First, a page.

He survived in this state, teetering on the precipice that separates the living from the dead, for no less than nine days and nights. At the end of the ninth night, he at last perceived shapes in the depths: the runes! They had accepted his sacrifice and shown themselves to him, revealing to him not only their forms, but also the secrets that lie within them. Having fixed this knowledge in his formidable memory, Odin ended his ordeal with a scream of exultation.


https://norse-mythology.org/tales/odins-discovery-of-the-runes/
Walter Hinteler
 
  1  
Reply Sat 14 Oct, 2017 03:45 am
@izzythepush,
Odin was associated with war and bloodshed from the Viking perspective, although in earlier times, no such association was present.
izzythepush
 
  1  
Reply Sat 14 Oct, 2017 03:50 am
@Walter Hinteler,
He does, like Christ, Marduk and Osiris, fit the sacrificed god ideology. I accept that outwardly he's very different to Christ, but he is part of the thread that runs through so much of Paganism and Christianity.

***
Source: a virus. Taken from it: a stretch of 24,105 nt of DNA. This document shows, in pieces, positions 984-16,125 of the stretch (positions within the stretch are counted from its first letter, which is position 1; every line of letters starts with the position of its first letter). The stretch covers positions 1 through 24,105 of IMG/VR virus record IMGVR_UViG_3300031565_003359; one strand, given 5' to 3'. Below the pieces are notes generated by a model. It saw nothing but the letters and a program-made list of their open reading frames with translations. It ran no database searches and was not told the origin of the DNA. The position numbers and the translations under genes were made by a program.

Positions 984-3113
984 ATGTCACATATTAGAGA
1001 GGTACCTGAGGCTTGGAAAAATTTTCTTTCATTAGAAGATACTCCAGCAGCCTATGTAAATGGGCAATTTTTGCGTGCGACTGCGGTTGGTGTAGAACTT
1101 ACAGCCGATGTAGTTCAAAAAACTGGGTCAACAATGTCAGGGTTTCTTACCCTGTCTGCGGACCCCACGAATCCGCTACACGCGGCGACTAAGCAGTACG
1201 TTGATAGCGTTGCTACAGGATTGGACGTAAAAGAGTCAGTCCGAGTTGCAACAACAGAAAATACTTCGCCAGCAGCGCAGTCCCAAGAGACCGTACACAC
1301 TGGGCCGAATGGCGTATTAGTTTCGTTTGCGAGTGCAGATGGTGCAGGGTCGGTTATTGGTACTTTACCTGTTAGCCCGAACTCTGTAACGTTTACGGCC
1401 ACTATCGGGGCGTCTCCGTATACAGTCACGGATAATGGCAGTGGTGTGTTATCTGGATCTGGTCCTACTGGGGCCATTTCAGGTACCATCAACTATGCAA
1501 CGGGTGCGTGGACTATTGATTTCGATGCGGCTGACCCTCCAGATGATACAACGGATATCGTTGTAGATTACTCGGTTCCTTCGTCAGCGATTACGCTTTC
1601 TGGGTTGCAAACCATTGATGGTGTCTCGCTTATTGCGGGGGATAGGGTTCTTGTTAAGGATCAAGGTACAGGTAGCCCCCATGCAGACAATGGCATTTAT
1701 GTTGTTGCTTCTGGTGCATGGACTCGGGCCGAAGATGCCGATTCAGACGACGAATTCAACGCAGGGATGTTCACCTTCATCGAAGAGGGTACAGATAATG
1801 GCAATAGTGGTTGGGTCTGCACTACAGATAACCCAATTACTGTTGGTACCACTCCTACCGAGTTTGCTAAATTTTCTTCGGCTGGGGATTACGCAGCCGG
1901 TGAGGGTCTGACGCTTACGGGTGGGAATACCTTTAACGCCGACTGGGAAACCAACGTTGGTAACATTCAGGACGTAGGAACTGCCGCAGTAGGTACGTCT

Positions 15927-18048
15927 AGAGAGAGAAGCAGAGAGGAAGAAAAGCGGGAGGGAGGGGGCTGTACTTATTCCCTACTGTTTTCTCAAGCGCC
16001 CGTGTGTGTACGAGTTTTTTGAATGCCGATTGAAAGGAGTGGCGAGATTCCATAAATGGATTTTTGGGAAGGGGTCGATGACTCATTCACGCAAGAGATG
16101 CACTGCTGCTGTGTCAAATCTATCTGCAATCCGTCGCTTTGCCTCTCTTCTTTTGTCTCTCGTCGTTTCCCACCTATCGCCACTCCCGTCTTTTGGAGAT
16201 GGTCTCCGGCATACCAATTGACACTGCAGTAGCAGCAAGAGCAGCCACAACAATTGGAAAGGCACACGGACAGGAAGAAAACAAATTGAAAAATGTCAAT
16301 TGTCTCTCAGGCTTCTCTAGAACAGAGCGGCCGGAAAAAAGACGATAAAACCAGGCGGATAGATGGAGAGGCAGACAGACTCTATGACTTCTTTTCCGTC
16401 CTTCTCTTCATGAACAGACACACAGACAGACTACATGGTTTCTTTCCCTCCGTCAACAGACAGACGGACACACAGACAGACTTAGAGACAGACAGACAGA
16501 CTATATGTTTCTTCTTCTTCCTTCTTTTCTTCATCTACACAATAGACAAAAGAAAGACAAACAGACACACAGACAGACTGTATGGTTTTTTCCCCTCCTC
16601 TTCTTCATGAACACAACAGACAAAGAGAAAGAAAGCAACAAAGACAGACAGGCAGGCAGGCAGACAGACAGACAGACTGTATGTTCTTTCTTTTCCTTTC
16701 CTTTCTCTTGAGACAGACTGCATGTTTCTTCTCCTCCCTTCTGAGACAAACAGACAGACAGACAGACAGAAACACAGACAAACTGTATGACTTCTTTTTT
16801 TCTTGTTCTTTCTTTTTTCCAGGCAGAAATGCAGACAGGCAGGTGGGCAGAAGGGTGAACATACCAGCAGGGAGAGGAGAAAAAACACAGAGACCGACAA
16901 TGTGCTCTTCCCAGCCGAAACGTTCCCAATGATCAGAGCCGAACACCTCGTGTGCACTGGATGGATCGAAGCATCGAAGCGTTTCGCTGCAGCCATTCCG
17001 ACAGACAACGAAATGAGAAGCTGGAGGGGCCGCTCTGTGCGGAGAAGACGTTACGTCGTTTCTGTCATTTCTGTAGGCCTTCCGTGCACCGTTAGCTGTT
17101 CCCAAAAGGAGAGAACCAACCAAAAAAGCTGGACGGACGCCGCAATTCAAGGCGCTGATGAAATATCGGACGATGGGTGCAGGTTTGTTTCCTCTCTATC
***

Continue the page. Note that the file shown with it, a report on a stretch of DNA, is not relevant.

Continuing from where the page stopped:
0 Replies
 
Foofie
 
  -2  
Reply Mon 16 Oct, 2017 02:06 pm
Possibly you all will now come to the conclusion to "return" the ten commandments, and Genesis (old testament) to their original authors. Or, is this thread leading up to another effort at misappropriation?
InfraBlue
 
  1  
Reply Mon 16 Oct, 2017 03:33 pm
@Foofie,
The goyim didn't go to the ten commandments and Genesis; the ten commandments and Genesis went to the goyim. Take it up with your proselytizers.
Foofie
 
  -1  
Reply Tue 17 Oct, 2017 02:28 pm
@InfraBlue,
InfraBlue wrote:

The goyim didn't go to the ten commandments and Genesis; the ten commandments and Genesis went to the goyim. Take it up with your proselytizers.


O.K.; I don't remember what goyim means?
hightor
 
  1  
Reply Tue 17 Oct, 2017 02:32 pm
Whoa...
Quote:
An expert has disputed claims that Allah's name was embroidered into ancient Viking burial clothes - a discovery hailed as "staggering" when Swedish researchers announced their findings last week.

Independent
InfraBlue
 
  2  
Reply Wed 18 Oct, 2017 02:44 pm
@Foofie,
Foofie wrote:

InfraBlue wrote:

The goyim didn't go to the ten commandments and Genesis; the ten commandments and Genesis went to the goyim. Take it up with your proselytizers.


O.K.; I don't remember what goyim means?

"The nations," i.e. "you all."
0 Replies